CNC plotter from old parts

Get a quick fix of CNC for the day with this plotter. [Francisco Dulanto] grabbed the cartridge carriage from an old inkjet printer and turned it into a gantry by mounting it on two drawer sliders. The optical head assembly from a cd-rom provides the Z-axis movement with the whole thing controlled by three RepRap boards. [Francisco] called his project a joke compared to the Turing Machine, but we like it and we’re glad he tipped us off. There’s something zen-like about the projects that are thrown together with what you have available. After all, he’s certainly achieve a clean-looking build that does what it’s intended to do.

23 thoughts on “CNC plotter from old parts

  1. @Andrew maybe the same company who made that cd-rom, also made floppy drives, and used the same motors for both, to save on part-sourcing-costs.

  2. “There’s something zen-like about the projects that are thrown together with what you have available.”

    very much so. this is a great build

  3. Ok. I see it now. I always find floppy drive motors unsatisfactory as the bearings fall apart when you dismantle them. This looks much more substantial.

    Very cool project. I am eyeing up the printers and CD drives in this office. Too bad someone is using them…

  4. Plus, add one of those cable-driven rotary tools and boom, instant engraver.

    Extra internets to anyone who does a tutorial on using the motor drivers in these printers/CD-drives, to save the cost of the expensive rep-rap boards. That would make this a /true/ scrap-heap hack (not that it’s not an excellent build already).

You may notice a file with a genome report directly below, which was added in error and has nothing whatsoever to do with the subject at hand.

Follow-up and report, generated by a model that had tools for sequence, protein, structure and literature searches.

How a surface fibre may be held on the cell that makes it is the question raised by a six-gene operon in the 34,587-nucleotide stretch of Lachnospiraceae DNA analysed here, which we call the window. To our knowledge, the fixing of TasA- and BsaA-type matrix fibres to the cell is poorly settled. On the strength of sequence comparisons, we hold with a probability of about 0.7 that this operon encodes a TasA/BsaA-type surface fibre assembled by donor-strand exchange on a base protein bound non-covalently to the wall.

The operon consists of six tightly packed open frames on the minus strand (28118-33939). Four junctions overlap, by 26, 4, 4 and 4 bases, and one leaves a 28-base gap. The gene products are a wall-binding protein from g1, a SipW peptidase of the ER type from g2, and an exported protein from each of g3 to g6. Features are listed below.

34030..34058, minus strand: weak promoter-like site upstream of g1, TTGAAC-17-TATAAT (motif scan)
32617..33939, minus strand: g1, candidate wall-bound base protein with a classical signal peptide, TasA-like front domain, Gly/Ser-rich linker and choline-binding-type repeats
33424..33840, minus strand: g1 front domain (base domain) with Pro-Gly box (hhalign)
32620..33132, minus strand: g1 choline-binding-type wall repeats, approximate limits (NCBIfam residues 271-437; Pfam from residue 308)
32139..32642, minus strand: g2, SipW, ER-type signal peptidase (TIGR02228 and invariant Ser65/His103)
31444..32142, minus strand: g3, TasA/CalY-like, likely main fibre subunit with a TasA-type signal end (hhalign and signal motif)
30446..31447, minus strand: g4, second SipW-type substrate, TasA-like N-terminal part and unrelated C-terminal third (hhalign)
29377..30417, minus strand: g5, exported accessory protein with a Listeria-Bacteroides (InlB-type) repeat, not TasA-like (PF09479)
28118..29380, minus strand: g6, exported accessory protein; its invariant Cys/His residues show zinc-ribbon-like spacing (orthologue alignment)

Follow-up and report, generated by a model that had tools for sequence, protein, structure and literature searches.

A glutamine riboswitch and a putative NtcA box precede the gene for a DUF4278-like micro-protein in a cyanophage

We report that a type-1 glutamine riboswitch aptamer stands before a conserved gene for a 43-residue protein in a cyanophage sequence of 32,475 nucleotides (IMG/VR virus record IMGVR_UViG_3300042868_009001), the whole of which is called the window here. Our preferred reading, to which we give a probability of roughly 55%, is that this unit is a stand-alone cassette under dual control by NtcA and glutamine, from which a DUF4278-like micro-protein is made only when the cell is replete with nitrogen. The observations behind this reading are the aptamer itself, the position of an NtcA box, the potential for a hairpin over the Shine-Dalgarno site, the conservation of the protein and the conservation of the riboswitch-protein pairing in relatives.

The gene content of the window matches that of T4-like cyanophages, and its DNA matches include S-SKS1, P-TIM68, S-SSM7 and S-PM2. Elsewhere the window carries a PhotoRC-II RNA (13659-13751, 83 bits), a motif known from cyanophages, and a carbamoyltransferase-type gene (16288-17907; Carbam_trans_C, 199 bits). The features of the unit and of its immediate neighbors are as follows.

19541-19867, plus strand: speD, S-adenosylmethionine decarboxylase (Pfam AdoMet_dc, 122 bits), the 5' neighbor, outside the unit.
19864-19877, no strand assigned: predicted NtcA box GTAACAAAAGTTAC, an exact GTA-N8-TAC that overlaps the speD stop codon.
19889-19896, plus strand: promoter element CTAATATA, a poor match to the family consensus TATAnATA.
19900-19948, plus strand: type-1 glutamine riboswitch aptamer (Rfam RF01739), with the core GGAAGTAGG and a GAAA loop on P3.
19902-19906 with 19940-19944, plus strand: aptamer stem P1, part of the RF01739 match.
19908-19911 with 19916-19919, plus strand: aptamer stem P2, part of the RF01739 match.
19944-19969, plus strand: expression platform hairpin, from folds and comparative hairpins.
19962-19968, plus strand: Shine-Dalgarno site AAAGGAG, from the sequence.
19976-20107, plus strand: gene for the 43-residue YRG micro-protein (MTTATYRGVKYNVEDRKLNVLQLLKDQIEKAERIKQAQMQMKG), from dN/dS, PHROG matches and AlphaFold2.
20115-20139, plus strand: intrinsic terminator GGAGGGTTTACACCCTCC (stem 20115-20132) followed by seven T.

5. Amos: it’s very easy to play with a floppy stepper, I even made a video on that once.

    No parts required at all, only a rotary encoder.

    Re: other hardware, the drivers in consumer hardware can be very different but it is very rare when you get reusable chips. And if you do, you just google them up.

  6. @Mikey, no CD ROM sleds use a DC motor driven by a transconductance amplifier (as they need the precision), floppy drives simply use a stepper motor as it’s actually part of the spec (gap between tracks on the disk = n*motor steps).

    The amplifier from the CD ROM can be reused, but you have to make your own feedback arrangement for the servo. In the original setting it’s driven by filtered PWM from the optical front-end IC. Just cut the trace and feed in your own signal.

  7. i did have an old epson printer with 3 stepper drivers (was out of an old CX3200) but it went a bit wrong. Good news is the print head survived and is now happily printing in another 3200.

    As for the cdrom sled, I came up with a truly awesome hack involving tapping into the (working) eye signal from the pickup and feeding it into a circular analogue delay line. If the circuitry in the drive thinks it has a valid signal then it doesen’t care what you feed the stepper motor drive.

    this is quite a neat way to built a laser etching jig on the cheap and all that is required is installing a write laser on the sled.

  8. I built a plotter like this a couple years ago using the same parts and found it wasn’t suitable as an engraver. The printer system can’t handle the load and gets a lot of backlash usually which can be corrected by replacing the springs in the one cog with a block but there is still a lot of jitter.

  9. Just get some ‘real’ linear bearings at http:/www.KCLinear.com
    I got some 16mm that would be perfect for this type of application.

  10. Awsome. I’m looking forward to make a CNC, this could be a nice approach to build a test bed for stepper driver / algorithm testing.

    I’m sort of ashamed for not having this ideia earlier…. Kudos for Francisco Dulanto!

    :)

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